**Update: 25/04/21 @ 12:21 UTC – A statement from a Qatar Airways spokesperson has been added; details below.**
On April 12th, Iran’s Caspian Airlines was flying one of its McDonnell Douglas MD-83 jets on a domestic route from Tehran to Kish when its autopilot malfunctioned. Meanwhile, a Qatar Airways Airbus A350-1000 was nearby its fellow Middle Eastern carrier’s aircraft and had to distance itself as a result of the conditions.
The MD-83 holds registration EP-CAS, and due to the autopilot issue, the crew members on the A350, holding registration A7-ANO, were given a TCAS resolution advisory to climb. The Qatar Airways plane was performing flight QR739 from Doha to Los Angeles and was flying at FL340, approximately 50 NM northwest of Isfahan when it received the advisory. According to The Aviation Herald, the A350 climbed by at least 550 feet when the pilots received a speed/stall warning.
Iran’s CAO confirms that the autopilot malfunction caused the MD-83 to climb approximately 400 feet above its assigned altitude, which eventually led to a TCAS resolution advisory. Ultimately, the event was classed a serious incident and is under investigation.
Nonetheless, the Caspian Airlines aircraft descended back down to its assigned flight level, while the Qatar Airways unit descended back to FL340. The pair of planes carried on their routes without any additional issues.
Simple Flying reached out to Qatar Airways for comment on the incident. A spokesperson for the airline shared that there was no actual stall warning. The company said the following:
“The Qatar Airways A350 fleet are equipped with state-of-the-art Traffic Avoidance Collision System (TCAS) equipment, which automatically detected any potential risk and took the appropriate traffic avoidance action to distance itself from the other aircraft in this case. At no point was there a speed or stall warning issued. In addition to this, we can confirm that the Qatar Airways pilots on board operated in accordance with the manufacturer’s published procedures and guidelines for situations of this type.”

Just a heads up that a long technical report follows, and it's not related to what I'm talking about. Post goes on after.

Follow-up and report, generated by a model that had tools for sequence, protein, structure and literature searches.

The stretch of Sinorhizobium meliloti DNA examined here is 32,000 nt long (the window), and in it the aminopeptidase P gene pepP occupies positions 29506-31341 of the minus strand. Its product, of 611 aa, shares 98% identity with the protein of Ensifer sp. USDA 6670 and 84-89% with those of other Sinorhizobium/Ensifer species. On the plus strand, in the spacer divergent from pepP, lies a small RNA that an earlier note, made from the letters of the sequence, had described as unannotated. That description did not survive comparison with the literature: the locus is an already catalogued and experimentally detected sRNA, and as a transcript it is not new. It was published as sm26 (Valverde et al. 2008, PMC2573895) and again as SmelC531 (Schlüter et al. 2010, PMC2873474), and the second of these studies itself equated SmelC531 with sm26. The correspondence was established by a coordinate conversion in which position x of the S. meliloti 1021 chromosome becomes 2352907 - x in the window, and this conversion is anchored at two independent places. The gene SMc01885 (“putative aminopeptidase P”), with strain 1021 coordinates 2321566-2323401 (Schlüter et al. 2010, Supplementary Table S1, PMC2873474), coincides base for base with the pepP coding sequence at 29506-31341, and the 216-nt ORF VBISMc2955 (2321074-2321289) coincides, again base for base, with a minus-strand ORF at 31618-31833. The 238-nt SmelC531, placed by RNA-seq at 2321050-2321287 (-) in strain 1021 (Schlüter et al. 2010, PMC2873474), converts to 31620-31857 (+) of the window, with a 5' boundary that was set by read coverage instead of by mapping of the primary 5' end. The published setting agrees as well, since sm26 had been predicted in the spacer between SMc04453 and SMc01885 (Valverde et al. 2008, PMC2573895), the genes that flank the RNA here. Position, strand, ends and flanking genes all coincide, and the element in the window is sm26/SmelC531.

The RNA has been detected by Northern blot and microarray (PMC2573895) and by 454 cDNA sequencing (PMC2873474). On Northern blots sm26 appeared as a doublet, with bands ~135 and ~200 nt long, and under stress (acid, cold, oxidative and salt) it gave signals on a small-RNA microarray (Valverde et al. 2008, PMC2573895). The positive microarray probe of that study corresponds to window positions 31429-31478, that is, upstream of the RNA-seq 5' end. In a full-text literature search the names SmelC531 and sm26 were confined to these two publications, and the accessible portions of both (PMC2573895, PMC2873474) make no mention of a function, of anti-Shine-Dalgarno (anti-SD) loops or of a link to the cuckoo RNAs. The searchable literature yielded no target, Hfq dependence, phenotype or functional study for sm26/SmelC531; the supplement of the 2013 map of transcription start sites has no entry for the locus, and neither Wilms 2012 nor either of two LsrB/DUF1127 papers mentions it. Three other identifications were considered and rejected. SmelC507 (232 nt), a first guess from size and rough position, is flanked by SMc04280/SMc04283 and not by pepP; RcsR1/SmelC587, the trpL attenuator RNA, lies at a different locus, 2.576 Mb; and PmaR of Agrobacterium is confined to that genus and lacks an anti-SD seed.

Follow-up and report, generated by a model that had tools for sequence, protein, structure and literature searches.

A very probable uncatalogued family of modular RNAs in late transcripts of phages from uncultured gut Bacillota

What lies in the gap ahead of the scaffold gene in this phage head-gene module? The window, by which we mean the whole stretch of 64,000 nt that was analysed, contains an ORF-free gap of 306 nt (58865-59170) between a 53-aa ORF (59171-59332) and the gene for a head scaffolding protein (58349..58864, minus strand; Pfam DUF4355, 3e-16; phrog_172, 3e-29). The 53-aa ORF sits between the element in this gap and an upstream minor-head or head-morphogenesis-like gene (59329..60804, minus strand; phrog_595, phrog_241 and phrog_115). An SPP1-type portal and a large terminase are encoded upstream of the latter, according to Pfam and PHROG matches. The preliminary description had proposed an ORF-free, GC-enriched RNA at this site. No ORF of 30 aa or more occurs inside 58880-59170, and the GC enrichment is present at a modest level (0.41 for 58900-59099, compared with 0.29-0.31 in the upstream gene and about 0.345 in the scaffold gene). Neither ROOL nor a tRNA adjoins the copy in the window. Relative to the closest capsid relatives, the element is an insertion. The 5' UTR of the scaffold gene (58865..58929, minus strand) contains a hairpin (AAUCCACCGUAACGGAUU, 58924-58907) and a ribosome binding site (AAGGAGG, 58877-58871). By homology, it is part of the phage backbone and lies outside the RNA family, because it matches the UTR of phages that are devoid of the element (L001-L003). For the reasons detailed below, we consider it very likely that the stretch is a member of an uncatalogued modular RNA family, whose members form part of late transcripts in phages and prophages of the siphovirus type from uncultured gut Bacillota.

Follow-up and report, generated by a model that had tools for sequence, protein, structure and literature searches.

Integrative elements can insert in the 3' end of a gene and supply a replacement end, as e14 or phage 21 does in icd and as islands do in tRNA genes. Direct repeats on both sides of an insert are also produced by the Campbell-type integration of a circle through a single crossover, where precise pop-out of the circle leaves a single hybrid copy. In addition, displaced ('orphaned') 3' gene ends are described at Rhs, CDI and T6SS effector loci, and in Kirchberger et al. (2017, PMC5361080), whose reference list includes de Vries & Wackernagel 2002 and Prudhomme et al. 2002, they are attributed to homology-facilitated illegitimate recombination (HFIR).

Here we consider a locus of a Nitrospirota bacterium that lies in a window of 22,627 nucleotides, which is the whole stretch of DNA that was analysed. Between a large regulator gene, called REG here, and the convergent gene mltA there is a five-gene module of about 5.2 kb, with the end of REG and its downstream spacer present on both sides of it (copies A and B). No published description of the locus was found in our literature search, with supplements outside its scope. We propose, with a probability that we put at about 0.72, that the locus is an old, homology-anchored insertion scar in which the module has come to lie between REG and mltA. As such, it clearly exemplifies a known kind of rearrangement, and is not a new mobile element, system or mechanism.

Behind the fleet
According to Planespotters.net, this Caspian Airlines MD-83 first joined the Tehran-based airline in May 2016. It has also spent time with three Ukrainian carriers in the form of Bravo Airways, Bukovyna, and UM Airlines. However, the plane began its deployment in the United States, commencing service with TWA in 1999 before joining American Airlines in 2001.
This aircraft isn’t the only MD-83 in Caspian Airlines’ fleet. It is joined by four other units of the model. Another narrowbody type is also part of the carrier’s holdings as three Boeing 737-400s and two 737-500s are presently in the company’s possession.
Caspian Airlines primarily flies on domestic routes across Iran and to a handful of international destinations to neighboring countries. Overall, all of the operator’s planes were built in the 1990s. Notably, the MD-80 type’s production ended in 1999.
In contrast, the Qatar Airways’ A350-1000 involved in the event is just over a year old and arrived at the Doha-based carrier’s facilities in October 2020. The widebody also has the company of 52 other A350s in the flag carrier of Qatar’s fleet.
Altogether, this isn’t the first recent incident to involve a Caspian Airlines MD-83. In January of last year, registration EP-CPZ overshot the runway on its approach and ended up landing on a street in Bandar-e Mahshahr, Iran. Overall, the airline will be hoping to eliminate any further issues in the cockpit.
What are your thoughts about this incident involving a Caspian Airlines MD-83 and Qatar Airways A350? What do you make of the build-up? Let us know what you think of the situation in the comment section.